Prattville – Members of “The Greatest Generation” gathered at the Doster Memorial Community Center Sunday afternoon to register, receive orientation, and pick up an itinerary for Prattville’s fourth Honor Flight scheduled for April 17.
Approximately eighty World War II veterans, wishing to visit Washington, D.C. and see the memorial dedicated specifically to them, were in attendance as well as many of the guardians assigned to their care on that special day.
Honor Flight River Region co-chairman Roscoe Williams stated that the number of applications remains about the same every year.
“Usually we send letters out to about ninety veterans and this year, ten dropped off immediately, either couldn’t go or were deceased,” he said. “We have them dropping and adding every day, though. A veteran called Friday and said he couldn’t go, but we can usually add someone in his place.”
Williams said that people who wished to be guardians could sign up, but that the committee makes sure that they know the volunteers in order to avoid any problems on the trip.
Prattville Mayor Jim Byard Jr., Honor Flight Chairman, will be accompanying J. W. Little from Clanton, while his counterpart from Wetumpka, Mayor Jerry Willis, is responsible for two veterans.
“I know one of the guys, Colonel Mason from Eclectic, and the other I will meet here,” Willis said. “My dad was a World War II veteran and I’m just so happy to be a part of this.”
“I’m glad Prattville saw the need for the trips and that they have allowed the rest of us to participate,” he continued.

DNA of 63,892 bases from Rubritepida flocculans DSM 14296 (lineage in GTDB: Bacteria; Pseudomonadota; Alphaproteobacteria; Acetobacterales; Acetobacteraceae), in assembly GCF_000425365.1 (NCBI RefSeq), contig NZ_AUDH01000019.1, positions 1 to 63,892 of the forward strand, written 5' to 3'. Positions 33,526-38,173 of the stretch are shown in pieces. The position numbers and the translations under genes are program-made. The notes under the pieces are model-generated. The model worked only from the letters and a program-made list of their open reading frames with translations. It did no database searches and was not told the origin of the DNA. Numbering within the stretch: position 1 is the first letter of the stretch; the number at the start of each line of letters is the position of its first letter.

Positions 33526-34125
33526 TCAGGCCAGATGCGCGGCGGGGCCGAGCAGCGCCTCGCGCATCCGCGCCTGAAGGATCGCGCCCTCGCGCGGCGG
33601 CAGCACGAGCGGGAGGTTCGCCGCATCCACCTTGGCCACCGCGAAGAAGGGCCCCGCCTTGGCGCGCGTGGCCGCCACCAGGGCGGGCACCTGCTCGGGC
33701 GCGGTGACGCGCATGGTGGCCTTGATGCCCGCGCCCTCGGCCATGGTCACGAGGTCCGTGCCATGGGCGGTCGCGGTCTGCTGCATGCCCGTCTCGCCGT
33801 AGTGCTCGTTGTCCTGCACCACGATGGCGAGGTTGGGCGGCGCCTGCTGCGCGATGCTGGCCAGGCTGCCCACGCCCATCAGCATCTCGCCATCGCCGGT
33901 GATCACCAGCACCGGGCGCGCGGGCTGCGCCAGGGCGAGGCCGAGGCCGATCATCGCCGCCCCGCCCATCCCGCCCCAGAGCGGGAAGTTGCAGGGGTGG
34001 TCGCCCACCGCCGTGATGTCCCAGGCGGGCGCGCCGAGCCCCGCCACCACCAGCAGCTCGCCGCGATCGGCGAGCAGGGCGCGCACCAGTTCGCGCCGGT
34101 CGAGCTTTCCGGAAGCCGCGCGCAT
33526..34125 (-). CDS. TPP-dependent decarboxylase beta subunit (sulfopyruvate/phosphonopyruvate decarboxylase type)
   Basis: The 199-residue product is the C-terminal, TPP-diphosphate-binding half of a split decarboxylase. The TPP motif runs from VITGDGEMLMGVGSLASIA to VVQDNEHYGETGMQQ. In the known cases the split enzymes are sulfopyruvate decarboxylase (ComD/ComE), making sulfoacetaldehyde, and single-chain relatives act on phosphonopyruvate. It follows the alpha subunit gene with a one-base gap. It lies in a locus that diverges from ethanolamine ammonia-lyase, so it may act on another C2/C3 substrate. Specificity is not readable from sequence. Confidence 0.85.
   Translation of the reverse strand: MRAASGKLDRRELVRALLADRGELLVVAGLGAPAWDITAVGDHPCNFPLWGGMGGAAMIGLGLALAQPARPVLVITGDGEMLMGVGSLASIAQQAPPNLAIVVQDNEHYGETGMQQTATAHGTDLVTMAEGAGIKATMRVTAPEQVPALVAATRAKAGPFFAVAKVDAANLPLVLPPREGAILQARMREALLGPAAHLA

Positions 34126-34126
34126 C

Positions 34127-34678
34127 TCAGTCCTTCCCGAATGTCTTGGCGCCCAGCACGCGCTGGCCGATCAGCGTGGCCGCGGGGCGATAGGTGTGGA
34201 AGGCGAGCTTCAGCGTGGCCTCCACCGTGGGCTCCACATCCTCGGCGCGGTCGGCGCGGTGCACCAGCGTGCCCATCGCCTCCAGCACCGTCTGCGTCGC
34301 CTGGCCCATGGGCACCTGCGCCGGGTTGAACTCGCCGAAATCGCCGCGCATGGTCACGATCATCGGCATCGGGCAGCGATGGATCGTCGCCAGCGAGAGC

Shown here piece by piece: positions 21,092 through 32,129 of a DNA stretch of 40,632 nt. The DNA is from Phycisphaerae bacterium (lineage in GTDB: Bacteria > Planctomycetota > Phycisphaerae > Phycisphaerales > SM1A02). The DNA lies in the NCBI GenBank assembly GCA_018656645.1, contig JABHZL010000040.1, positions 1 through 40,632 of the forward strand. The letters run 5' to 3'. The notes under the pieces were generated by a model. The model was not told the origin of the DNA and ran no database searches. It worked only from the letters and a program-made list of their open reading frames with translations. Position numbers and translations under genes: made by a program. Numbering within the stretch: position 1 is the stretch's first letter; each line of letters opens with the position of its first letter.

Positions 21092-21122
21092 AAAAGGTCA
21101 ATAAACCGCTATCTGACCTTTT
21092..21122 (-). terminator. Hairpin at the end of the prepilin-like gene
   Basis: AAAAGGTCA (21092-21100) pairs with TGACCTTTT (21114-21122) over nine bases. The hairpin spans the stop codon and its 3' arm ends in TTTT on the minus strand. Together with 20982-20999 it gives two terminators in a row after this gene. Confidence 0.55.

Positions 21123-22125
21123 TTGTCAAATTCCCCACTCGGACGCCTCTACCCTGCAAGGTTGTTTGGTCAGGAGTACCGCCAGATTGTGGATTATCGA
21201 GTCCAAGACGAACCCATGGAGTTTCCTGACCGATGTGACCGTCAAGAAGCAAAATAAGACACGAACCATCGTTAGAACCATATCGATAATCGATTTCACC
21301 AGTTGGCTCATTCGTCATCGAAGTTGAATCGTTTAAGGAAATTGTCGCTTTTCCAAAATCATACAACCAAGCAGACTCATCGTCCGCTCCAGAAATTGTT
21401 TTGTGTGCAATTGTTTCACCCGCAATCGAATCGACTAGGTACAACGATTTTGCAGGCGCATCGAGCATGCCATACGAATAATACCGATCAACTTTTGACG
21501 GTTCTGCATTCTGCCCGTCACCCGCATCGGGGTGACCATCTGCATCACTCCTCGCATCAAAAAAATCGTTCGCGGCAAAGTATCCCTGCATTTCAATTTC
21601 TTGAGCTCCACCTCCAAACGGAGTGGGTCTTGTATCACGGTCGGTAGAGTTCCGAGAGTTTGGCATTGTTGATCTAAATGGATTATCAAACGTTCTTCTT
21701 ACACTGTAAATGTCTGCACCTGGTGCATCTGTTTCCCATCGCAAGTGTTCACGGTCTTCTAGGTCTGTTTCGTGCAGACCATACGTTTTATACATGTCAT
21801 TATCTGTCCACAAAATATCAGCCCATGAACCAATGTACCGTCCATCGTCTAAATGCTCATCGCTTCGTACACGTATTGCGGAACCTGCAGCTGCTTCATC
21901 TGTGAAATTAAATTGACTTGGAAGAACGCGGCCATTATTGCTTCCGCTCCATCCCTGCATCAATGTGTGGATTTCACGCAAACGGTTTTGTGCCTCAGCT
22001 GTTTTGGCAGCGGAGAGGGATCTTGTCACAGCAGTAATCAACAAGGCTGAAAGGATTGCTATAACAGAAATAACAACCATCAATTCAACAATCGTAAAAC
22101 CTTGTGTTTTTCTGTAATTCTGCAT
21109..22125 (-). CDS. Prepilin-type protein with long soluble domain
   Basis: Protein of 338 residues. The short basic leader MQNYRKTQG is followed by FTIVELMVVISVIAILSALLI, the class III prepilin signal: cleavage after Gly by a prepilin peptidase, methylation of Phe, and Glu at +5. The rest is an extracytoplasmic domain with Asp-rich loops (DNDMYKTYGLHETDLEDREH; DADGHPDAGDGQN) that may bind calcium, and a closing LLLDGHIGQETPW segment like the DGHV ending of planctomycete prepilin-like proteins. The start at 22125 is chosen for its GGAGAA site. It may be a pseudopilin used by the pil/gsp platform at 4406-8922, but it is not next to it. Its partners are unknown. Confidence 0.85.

This is the first journey to the nation’s capital for Lake Martin resident and Navy veteran Leon Guy. He delighted in swapping war stories at Sunday’s event with three other men who fought for our country’s freedom in the 1940s.
“Not only am I looking forward to seeing the monument … well, I just want to see it all,” Guy said. “I didn’t know any of the guys here before, but I know some of them now and before I leave today I’ll know more about them.”
Jimmy Lee Lott had seen Washington, D.C. many times as he was stationed close to the city in 1946, but he had never been to the World War II Memorial.
“I know it will be something to see. I was an Army Engineer and fought in the Pacific Theatre,” said the Centreville native. “Wanting to go to Germany also, I re-enlisted, but back then there were just so many blacks that could go to Germany and I so didn’t make it there.”
Montgomery Regional Authority Fire Chief Bob Hendrix said that the celebration for the next Honor Flight homecoming had been planned.
“When they come back from Washington, we put on a shindig for these folks when they get off of the plane,” Hendrix said. “It starts with Maxwell Air Force Base, the City of Prattville, the City of Montgomery, all of the local fire and police communities team up, the military from Maxwell comes out, color and honor guards, the Governor’s Office, the mayors … we just make a big deal out of it.”
“We give them the homecoming that they didn’t get back then,” continued Hendrix. “It’s the least we can do for everything that they did for us.”
Article by Melissa Parker
© 2010 Our Prattville. All rights reserved. This material may not be published, broadcast, rewritten or redistributed without the express written consent of the publisher.